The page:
Date of Award


Degree Name

Master of Science



First Advisor

Akamani, Kofi

Second Advisor

Secchi, Silvia

Third Advisor

Park, Logan


The sustainable management of coupled social-ecological systems, such as water resource systems, requires institutional mechanisms for managing uncertainties and building more resilient social-ecological systems. Adaptive governance is an outcome of the search for a way to manage uncertainties and complexities within social-ecological systems. The concept of adaptive governance has emerged as a product of resilience theory and theoretical insights on common pool resources management. Adaptive governance refers to flexible multi-level institutions that connect state and non-state actors to facilitate a collaborative and learning-based approach to ecosystem management. As such, it has the potential to integrate social considerations into the decision process while also dealing with uncertainties in complex water resource systems. However, little is understood on how transitions toward adaptive governance systems take place and what criteria qualify a given institutional mechanism as an adaptive governance regime.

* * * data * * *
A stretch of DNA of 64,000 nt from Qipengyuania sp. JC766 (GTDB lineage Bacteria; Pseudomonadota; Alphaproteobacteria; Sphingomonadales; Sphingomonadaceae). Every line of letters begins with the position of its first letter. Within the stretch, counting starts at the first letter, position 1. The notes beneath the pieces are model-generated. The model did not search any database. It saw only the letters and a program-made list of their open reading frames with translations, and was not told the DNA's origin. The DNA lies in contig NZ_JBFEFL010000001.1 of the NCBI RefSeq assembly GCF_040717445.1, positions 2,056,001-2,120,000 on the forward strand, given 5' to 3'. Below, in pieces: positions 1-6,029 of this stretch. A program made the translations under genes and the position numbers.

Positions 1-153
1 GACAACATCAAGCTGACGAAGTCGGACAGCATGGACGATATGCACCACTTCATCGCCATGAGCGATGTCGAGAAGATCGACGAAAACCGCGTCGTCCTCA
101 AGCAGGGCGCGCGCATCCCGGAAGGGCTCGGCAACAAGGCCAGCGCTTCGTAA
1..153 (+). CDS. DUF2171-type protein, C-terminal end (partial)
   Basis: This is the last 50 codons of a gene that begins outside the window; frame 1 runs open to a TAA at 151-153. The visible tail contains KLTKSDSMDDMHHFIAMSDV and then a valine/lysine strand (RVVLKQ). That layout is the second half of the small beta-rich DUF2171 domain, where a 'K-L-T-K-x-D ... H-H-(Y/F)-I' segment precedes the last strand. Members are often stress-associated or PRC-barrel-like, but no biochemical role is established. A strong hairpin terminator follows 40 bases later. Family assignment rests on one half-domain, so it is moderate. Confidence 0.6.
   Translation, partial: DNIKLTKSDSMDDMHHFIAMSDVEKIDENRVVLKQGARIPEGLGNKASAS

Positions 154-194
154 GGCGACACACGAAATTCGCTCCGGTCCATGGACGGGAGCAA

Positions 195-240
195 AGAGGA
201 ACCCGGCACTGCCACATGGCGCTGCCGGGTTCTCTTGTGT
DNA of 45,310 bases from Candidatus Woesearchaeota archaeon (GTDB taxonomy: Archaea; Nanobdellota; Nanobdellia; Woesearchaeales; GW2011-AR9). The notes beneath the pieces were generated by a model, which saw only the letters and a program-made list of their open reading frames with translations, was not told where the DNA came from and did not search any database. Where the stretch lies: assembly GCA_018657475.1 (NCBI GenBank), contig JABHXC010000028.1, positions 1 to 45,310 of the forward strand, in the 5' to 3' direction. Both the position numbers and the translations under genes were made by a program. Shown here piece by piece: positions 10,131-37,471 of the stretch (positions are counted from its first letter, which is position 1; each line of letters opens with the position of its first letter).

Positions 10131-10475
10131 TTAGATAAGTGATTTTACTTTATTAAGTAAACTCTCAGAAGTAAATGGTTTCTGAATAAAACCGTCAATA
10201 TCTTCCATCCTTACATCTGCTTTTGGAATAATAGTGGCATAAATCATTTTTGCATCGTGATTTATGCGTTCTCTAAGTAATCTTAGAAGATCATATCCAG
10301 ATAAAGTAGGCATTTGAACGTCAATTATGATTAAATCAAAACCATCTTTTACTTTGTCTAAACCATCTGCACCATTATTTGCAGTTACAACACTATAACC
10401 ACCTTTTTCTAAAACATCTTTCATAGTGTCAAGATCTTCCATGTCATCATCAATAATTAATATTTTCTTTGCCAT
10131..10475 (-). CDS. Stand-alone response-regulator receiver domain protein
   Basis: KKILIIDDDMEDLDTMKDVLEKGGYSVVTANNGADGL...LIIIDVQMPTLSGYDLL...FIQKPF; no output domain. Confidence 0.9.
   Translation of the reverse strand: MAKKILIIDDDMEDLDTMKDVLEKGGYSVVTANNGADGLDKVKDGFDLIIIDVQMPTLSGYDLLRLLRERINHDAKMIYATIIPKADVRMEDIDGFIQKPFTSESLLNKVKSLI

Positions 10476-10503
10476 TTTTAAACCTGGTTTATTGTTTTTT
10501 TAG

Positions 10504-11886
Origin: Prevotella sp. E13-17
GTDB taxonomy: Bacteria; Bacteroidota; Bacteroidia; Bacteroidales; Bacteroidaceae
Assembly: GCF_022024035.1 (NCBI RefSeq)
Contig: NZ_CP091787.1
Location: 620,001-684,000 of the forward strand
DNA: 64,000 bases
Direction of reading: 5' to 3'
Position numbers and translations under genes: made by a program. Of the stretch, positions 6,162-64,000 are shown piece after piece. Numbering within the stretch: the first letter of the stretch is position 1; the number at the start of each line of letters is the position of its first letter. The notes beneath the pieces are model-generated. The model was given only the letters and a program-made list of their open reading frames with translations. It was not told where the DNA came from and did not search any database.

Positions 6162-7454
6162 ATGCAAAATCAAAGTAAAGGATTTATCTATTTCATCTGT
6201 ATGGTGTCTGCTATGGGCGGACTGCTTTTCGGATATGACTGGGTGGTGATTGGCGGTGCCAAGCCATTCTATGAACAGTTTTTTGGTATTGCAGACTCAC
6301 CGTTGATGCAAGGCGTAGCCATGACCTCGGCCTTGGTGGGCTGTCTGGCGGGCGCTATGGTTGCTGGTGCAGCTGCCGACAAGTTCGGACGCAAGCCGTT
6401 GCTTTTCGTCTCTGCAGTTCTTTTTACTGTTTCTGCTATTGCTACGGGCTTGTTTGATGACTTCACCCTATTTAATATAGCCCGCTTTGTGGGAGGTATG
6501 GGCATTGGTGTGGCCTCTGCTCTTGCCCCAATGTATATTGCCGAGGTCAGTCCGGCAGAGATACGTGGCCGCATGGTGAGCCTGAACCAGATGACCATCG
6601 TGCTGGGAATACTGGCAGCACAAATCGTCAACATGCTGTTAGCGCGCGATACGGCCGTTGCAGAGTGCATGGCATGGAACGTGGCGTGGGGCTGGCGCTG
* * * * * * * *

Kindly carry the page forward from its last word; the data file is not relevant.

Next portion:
This thesis presents results on a study that was aimed at understanding the process and outcomes of transitions toward adaptive water governance by using the Cache River Joint Venture Partnership (CRWJVP) within the Cache River Watershed in Southern Illinois as a case study. Qualitative data for the study were generated through key informant interviews among members of the CRWJVP and other knowledgeable actors, document review, and participant observation. The results revealed that the transformation of the governance of the Cache River watershed through the emergence of the CRWJVP was the result of ecological crises that began a citizen-led effort to preserve the Cache River wetlands. Additionally, the transition process was facilitated through trust-building, incentives, leadership, enabling legislation, and the role of bridging organizations. The results also showed that when compared to the attributes of an adaptive governance system, the current governance system of the Cache River watershed does not fully exhibit all the ideal attributes. However, the CRWJVP is moving towards an adaptive governance regime through the recent utilization of decision-making processes for recognizing and managing conflicts and uncertainties in the management of the watershed. Barriers in the transition process and recommendations for overcoming them are also discussed in the thesis. In all, findings from this study should be of relevance to scientists and decision-makers interested in understanding and enhancing transitions toward adaptive governance for the sustainable management of land and water resources in the Cache River watershed and elsewhere.




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